C. Renegotiate anything that can be renegotiated. Call companies to ask for lower APRs. Transfer balances to lower rate credit cards. Use a refinance calculator online or call a mortgage broker to see if refinancing your house is worth it. Call your mortgage lender about eliminating your private mortgage insurance (this may be possible if the value of your house has increased, even if you haven't paid off twenty percent of your loan).
February: Concentrate on taxes.
A. Do your 2015 taxes ASAP. All W2s and 1099s are supposed to be sent by employers by the end of January. Why do your taxes immediately? 1. Some accountants charge less the sooner you do them. 2. If you're owed a refund, you'll get it sooner. 3. If you owe money, you'll know exactly how much and you'll have two months to figure out how to pay it. 4. Looking at your numbers from last year (particularly if you itemize) is the perfect time to start paying attention to where your money is going and exactly how much you're bringing home.
B. Start a tax box for 2016 where you can put all pay stubs and receipts.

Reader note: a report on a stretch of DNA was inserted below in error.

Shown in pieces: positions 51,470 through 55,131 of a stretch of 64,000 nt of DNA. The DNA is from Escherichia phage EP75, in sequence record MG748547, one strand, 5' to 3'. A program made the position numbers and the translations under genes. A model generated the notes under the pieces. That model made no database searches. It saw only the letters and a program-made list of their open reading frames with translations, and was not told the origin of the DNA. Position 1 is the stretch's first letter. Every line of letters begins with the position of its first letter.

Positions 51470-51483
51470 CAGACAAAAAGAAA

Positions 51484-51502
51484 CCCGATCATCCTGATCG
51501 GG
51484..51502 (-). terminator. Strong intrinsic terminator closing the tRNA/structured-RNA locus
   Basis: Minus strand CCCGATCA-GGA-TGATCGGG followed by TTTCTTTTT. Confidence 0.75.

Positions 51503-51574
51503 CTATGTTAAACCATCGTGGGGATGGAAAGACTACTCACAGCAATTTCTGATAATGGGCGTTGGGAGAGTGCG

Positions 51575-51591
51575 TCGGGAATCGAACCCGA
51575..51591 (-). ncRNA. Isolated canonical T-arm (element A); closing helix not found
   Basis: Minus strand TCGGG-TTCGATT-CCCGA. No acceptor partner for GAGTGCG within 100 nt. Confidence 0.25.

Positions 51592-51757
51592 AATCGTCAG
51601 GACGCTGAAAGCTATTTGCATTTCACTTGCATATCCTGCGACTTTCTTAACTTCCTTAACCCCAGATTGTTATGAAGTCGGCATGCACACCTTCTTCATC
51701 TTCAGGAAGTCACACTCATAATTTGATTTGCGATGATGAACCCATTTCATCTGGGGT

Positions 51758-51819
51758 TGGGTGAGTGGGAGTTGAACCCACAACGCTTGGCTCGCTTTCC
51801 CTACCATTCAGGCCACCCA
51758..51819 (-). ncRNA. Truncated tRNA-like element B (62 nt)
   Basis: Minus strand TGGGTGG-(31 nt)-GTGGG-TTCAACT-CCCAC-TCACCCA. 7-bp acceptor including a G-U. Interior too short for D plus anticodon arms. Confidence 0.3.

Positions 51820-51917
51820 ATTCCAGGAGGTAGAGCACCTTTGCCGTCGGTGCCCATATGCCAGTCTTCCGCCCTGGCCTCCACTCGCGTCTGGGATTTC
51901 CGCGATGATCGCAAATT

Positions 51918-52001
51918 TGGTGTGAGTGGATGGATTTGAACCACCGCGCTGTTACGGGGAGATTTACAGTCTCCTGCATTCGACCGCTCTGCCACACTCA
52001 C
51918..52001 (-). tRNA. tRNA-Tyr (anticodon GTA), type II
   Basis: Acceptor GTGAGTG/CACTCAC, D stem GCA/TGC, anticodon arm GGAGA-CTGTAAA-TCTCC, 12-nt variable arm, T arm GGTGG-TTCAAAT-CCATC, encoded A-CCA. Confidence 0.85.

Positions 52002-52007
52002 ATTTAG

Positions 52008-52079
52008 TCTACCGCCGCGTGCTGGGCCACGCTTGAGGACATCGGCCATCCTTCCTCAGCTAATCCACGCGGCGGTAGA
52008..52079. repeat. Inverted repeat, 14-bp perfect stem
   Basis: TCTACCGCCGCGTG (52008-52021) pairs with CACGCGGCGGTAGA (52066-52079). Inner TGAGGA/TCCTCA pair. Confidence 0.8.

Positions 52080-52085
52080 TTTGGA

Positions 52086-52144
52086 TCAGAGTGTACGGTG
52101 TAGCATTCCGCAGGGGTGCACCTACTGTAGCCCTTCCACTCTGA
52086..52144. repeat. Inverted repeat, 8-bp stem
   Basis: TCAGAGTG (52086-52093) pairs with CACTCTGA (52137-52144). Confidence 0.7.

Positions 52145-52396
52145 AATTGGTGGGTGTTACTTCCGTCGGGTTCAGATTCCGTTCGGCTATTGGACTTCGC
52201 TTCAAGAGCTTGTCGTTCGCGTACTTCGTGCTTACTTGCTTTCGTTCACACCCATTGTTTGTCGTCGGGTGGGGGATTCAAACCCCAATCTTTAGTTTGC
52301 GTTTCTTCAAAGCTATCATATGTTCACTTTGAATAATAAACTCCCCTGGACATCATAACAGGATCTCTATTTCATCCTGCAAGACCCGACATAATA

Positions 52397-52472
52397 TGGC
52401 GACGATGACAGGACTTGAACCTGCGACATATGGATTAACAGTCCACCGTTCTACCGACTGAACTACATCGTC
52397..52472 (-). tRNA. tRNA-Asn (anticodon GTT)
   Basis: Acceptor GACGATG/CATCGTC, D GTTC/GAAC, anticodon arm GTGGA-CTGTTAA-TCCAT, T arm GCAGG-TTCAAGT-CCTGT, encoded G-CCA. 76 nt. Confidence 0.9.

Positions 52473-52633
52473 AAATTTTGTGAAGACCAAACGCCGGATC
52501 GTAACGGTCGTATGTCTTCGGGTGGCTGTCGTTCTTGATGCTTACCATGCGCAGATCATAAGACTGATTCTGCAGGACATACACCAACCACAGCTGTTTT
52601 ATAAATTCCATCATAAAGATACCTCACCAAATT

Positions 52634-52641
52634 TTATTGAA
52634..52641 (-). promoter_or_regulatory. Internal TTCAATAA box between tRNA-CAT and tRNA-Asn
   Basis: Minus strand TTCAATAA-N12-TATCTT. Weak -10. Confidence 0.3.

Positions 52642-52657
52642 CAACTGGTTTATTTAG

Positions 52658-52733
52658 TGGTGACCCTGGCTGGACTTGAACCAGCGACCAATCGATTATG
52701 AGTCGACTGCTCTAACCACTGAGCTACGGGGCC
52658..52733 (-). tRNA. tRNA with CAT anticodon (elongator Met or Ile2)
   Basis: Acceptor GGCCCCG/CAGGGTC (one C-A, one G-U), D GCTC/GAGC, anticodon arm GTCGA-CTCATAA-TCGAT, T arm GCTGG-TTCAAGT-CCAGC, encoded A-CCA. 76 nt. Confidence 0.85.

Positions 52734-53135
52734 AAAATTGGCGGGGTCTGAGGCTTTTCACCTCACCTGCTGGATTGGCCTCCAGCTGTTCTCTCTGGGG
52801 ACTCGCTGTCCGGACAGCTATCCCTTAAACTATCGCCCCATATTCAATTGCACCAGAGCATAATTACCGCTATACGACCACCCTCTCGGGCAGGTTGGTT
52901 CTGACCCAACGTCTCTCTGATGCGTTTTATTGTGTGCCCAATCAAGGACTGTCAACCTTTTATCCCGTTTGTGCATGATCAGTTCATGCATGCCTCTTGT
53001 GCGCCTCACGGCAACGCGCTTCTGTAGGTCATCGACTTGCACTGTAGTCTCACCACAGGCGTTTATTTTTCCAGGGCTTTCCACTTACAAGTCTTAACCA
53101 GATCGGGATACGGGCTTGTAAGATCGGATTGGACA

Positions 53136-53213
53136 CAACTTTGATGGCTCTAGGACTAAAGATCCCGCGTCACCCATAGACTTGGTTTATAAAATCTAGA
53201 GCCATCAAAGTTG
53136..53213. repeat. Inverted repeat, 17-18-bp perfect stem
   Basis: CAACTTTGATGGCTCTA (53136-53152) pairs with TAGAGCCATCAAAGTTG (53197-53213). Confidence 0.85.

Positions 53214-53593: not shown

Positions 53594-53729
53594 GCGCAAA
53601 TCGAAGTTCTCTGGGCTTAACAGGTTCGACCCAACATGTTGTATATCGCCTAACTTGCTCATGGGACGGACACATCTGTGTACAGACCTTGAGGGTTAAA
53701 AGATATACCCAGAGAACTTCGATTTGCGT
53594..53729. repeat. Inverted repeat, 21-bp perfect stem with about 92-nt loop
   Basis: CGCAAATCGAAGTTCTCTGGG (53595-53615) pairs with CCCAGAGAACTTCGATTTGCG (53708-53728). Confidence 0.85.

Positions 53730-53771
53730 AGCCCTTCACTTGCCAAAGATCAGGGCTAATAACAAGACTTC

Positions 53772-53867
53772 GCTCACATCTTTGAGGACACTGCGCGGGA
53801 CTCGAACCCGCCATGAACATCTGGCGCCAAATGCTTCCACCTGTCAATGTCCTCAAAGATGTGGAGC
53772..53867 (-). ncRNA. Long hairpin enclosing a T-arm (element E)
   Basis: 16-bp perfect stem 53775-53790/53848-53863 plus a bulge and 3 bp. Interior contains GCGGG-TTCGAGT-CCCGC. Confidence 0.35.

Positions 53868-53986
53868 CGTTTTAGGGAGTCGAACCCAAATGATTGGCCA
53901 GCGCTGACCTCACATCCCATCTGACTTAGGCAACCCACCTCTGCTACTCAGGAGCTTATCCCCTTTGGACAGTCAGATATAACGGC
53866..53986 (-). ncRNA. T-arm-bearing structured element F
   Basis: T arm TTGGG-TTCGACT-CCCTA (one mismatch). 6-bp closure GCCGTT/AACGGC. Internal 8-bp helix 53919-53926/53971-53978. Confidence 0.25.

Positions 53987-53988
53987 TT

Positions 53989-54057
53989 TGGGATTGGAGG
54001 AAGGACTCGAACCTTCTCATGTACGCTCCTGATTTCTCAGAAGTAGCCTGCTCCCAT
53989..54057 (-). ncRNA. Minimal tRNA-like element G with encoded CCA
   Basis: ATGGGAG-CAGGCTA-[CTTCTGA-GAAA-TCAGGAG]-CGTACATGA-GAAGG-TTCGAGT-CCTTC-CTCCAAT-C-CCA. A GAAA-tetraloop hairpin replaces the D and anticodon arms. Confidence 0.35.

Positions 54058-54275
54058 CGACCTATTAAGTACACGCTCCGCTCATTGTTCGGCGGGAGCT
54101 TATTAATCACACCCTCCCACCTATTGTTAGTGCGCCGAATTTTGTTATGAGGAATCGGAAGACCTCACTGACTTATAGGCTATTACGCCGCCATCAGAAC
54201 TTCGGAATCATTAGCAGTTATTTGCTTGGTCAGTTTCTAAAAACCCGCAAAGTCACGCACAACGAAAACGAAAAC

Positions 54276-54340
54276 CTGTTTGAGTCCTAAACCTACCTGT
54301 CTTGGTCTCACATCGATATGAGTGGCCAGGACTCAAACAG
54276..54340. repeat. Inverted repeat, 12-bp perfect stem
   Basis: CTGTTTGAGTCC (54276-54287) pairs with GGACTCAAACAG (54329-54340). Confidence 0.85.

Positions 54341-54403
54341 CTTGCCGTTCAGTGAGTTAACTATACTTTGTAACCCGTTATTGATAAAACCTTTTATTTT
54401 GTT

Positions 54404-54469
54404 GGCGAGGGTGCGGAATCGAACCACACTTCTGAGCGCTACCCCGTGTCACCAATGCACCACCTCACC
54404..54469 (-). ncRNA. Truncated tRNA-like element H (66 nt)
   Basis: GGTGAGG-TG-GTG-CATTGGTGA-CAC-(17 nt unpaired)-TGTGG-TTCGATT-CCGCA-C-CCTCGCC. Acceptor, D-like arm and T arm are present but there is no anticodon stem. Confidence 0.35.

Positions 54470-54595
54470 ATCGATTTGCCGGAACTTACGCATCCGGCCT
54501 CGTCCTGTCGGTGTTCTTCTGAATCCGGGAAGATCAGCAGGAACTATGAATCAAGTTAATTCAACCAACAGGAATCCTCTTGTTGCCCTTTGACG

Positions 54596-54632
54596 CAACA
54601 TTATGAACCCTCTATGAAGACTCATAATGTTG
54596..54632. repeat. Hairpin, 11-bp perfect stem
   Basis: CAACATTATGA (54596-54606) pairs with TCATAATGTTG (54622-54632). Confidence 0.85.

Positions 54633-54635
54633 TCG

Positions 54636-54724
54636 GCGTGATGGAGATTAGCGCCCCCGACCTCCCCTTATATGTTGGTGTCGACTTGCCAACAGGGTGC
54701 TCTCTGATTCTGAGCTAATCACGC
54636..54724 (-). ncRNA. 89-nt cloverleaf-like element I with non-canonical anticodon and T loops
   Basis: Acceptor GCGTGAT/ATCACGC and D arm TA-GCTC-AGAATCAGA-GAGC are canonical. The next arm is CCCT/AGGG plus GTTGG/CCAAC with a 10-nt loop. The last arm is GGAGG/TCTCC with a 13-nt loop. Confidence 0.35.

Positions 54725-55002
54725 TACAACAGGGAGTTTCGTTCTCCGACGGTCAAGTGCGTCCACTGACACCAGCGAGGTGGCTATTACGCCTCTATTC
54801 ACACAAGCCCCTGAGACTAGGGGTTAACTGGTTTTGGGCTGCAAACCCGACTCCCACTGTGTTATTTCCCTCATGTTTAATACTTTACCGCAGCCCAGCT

March: Study your bills.
A. Make a chart for your bills. Username and password. Estimated amount. Phone number to corresponding company.
B. Add due dates to your financial calendar.
C. Read the details. The great thing about auto pay is that we don't pay our bills late. The bad thing is, we never look at our bills. That means that we don't catch mistakes or unnecessary fees. If there is anything on your bill that you don't understand, call and talk to customer service. Look for things like: How much data you actually use on your wireless plan versus how much you pay for. Places you double pay like for roadside service on your car insurance when you already have Triple AAA. Mysterious service fees on your internet bill or erratic charges on your electric bill.
April: Look at your credit.